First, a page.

Born in 1935, in Brooklyn, New York, Mary P. Hamilton grew up with a positive attitude in a warm, tightly knit, Irish-American family. Her memoir reflects just how fortunate her life has been: She regales readers with stories of her two brothers, her Irish immigrant parents, her close circle of Catholic school friends, and her husband and four sons. Surrounded by people who prize wittiness, Hamilton’s own quick wit is clearly evident in her writing.
After doing well in high school, Hamilton decided her career goal was to be a wife and mother. And she achieved her goal, but first she worked as a secretary and had what she calls a “frivolous time” going out dancing and trying her luck on the 1950s New York dating scene.
She met her future husband at work, and the couple courted for six years before marrying. While some of Hamilton’s ideas might be considered old-fashioned or politically incorrect, she states her beliefs with frankness, especially given the time and circumstance of her upbringing. “My parents were not concerned with educating me,” she writes. “[My father] believed that women would be happier if they had a husband, home, and children, and as I look back on it, I think he was right. Of course, that was in the 1950s, and times have changed.”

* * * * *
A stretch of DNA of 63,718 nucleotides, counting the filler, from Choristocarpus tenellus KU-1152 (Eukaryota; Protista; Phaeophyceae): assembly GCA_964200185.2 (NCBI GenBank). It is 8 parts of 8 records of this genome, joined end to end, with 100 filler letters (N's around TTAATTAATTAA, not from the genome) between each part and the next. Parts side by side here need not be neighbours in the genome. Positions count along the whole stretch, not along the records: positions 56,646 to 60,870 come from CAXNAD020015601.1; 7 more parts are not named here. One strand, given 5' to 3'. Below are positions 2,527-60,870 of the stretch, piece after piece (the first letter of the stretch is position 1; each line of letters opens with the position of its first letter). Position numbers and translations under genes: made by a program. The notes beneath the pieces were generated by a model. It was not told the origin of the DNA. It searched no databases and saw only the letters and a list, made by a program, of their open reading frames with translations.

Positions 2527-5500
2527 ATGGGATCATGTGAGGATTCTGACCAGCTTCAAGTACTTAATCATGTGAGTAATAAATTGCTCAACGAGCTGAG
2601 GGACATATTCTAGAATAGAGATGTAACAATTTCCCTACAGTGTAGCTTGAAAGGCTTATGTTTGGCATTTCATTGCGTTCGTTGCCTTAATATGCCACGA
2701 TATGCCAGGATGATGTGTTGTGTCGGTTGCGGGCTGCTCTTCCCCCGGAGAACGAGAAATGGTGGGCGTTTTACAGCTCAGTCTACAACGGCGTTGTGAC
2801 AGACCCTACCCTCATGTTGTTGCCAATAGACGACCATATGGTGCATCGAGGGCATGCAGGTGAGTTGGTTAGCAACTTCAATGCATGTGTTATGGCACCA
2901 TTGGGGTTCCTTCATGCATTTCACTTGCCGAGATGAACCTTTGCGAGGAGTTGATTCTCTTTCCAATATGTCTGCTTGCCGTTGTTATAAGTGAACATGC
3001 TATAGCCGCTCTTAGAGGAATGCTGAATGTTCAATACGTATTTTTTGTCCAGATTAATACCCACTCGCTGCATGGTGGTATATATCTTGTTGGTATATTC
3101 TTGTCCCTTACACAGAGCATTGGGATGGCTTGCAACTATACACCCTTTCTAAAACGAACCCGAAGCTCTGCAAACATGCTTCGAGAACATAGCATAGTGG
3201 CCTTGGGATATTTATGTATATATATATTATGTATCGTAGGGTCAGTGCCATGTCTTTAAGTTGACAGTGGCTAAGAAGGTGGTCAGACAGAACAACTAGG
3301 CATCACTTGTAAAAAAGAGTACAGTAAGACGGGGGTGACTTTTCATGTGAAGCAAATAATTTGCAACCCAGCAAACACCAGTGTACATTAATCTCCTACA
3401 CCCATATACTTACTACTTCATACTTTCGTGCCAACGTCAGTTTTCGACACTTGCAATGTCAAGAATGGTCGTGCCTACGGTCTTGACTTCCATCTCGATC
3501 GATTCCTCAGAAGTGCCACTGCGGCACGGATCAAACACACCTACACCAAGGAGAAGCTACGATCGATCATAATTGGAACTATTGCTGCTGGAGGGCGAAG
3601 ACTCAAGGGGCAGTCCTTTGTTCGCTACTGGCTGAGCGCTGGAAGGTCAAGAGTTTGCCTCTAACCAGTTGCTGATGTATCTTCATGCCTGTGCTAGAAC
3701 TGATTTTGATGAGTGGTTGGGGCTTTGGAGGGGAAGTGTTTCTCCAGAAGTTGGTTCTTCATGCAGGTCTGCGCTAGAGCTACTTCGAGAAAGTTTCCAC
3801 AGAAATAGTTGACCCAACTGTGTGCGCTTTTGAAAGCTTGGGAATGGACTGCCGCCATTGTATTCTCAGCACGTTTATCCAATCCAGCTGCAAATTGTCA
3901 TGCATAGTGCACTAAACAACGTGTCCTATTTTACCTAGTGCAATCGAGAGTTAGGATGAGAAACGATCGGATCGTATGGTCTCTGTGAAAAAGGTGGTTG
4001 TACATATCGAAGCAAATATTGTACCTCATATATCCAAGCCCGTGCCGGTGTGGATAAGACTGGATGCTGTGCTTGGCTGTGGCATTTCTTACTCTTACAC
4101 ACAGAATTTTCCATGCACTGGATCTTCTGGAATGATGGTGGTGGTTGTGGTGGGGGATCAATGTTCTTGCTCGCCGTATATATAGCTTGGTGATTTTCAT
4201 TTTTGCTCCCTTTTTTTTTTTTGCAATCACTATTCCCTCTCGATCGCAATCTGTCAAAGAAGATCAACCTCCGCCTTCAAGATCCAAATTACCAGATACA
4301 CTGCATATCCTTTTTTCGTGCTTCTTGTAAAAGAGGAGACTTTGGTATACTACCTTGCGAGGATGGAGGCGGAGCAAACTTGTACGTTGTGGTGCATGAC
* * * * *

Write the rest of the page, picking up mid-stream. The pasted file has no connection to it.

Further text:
Gifted with a winning, engaging voice that remains cheerful and honest, even when relating a sad or melancholy story, Hamilton is a born storyteller. Starting with her parents’ courtship in Ireland in the 1920s and their immigration to the United States, her story spans decades. Yet, her memoir is tightly written and fairly well edited, so the reader isn’t bogged down in dry, historical facts. Sometimes information is repeated unnecessarily, but Hamilton generally knows what to tell and what to leave out, and her tone always remains conversational and focused.
Hamilton wrote her memoir with her seventeen grandchildren as the intended audience, but the book is accessible to all readers, particularly those who have an interest in the Irish-American experience or a typical post-World War II upbringing in Brooklyn. The title of the book is based on a poem Hamilton’s husband wrote about how rare and special their love is for one another and how blessed they’ve been.